When the East African Community collapsed in 1977, all East African countries were forced to establish their own Civil Aviation organisations. The United Republic of Tanzania established the Directorate of Civil Aviation (DCA) by the Civil Aviation Act, 1977. Mr Lot Mollel was appointed its first Director General. 

Air Tanzania Corporation – ATC, was established in the same year to provide air transport services suspended after the collapse of East African Airways jointly owned by Tanzania, Kenya and Uganda.

All Civil Aviation activities and responsibilities were managed by the Directorate of Civil Aviation (DCA) which was under the Ministry of Communication and Transport. However the Area control centre continued to be in Nairobi up to 1998 when the Government of the United Republic of Tanzania established its own in Dar es Salaam.

The DCA had a Board of Directors which was responsible for oversight of the directorate and thus served as an advisor to the Minister in charge of civil aviation. The DCA Director General was an ex officio member of the Board while other members were appointed by the Minister. Mr Lot Mollel served as the Director General up to December 1992 when he was replaced by Dr C.V. Mpinga Mgana and subsequently (Mr Lot Mollel) became the ICAO Regional Director for Eastern and Southern African Office in Nairobi.

Dr C. V. Mpinga Mgana before becoming the Director General represented Tanzania at the ICAO. Dr C. V. Mpinga Mgana led the Directorate from 1992 up to 1997 when he was transferred to the Ministry of Transport, Communications and Works. Mr W. Malisa took over as an Acting Director General and continued with the already started process to restructure the Directorate to a semi autonomous organisation – executive agency of the government.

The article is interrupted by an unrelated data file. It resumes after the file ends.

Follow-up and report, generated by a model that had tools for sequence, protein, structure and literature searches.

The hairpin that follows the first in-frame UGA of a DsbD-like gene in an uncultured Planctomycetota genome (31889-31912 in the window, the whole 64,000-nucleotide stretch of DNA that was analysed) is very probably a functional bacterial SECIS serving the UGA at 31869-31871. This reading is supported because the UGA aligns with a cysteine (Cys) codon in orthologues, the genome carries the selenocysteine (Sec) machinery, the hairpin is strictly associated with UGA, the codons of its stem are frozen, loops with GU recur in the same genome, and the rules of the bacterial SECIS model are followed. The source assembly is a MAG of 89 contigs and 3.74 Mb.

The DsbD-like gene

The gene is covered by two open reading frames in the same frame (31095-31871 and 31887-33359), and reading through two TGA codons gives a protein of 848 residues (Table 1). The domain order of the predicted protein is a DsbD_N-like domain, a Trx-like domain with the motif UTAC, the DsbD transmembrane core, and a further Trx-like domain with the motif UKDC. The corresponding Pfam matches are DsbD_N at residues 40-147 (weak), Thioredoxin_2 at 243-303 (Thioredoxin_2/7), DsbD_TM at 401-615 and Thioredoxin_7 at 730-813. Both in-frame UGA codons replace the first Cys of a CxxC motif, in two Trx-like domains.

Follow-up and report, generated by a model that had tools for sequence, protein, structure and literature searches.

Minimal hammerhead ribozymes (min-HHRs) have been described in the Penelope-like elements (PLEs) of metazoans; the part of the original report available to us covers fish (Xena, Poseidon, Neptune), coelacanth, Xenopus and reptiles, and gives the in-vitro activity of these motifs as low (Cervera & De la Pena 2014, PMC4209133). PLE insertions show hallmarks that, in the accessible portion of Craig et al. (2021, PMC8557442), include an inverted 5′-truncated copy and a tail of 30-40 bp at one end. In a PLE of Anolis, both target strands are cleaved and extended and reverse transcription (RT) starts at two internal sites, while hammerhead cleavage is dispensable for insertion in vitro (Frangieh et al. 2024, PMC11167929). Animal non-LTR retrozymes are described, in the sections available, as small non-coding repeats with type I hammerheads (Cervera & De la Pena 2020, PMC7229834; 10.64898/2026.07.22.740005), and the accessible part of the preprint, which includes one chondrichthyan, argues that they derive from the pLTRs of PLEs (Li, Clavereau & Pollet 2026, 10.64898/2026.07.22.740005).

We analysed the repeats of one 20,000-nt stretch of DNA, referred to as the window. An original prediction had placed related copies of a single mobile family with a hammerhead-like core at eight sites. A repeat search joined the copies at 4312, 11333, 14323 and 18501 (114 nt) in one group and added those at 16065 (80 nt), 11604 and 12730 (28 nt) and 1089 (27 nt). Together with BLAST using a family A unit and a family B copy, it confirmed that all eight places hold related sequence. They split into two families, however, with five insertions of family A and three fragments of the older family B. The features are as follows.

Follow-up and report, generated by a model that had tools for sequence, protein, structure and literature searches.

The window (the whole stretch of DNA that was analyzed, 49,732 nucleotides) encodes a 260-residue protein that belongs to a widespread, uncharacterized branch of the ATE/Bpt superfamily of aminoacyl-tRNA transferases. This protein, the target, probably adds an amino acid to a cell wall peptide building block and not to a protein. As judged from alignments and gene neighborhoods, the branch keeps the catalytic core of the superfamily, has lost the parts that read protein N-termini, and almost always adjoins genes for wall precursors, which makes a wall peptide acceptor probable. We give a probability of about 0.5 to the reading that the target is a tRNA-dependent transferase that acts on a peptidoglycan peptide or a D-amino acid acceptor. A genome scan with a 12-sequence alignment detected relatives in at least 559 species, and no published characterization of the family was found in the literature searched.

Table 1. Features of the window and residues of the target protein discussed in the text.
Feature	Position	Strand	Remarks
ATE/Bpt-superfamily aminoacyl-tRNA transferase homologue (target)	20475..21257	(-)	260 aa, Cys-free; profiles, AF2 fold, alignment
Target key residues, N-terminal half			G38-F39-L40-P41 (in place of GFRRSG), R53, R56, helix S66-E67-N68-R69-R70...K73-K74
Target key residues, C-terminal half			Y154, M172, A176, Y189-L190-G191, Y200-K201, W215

The DCA came to an end in March 1999 following the establishment of Tanzania Civil Aviation Authority as an Executive Agency of the Government. In September 1998, Engineer Margaret T. Munyagi was appointed as the Director General to lead the Agency.

During Economic Reforms in 1990’s  

Economic reform in the 1990’s required autonomous regulatory authorities for technical and economic regulations in their respective sectors. Generally, the established authorities included responsibilities in enforcing technical standards (safety and security) and for promoting effective competition and economic efficiency, protecting the interests of consumers and promoting the availability of regulated services to all categories of consumers in the regulated sectors.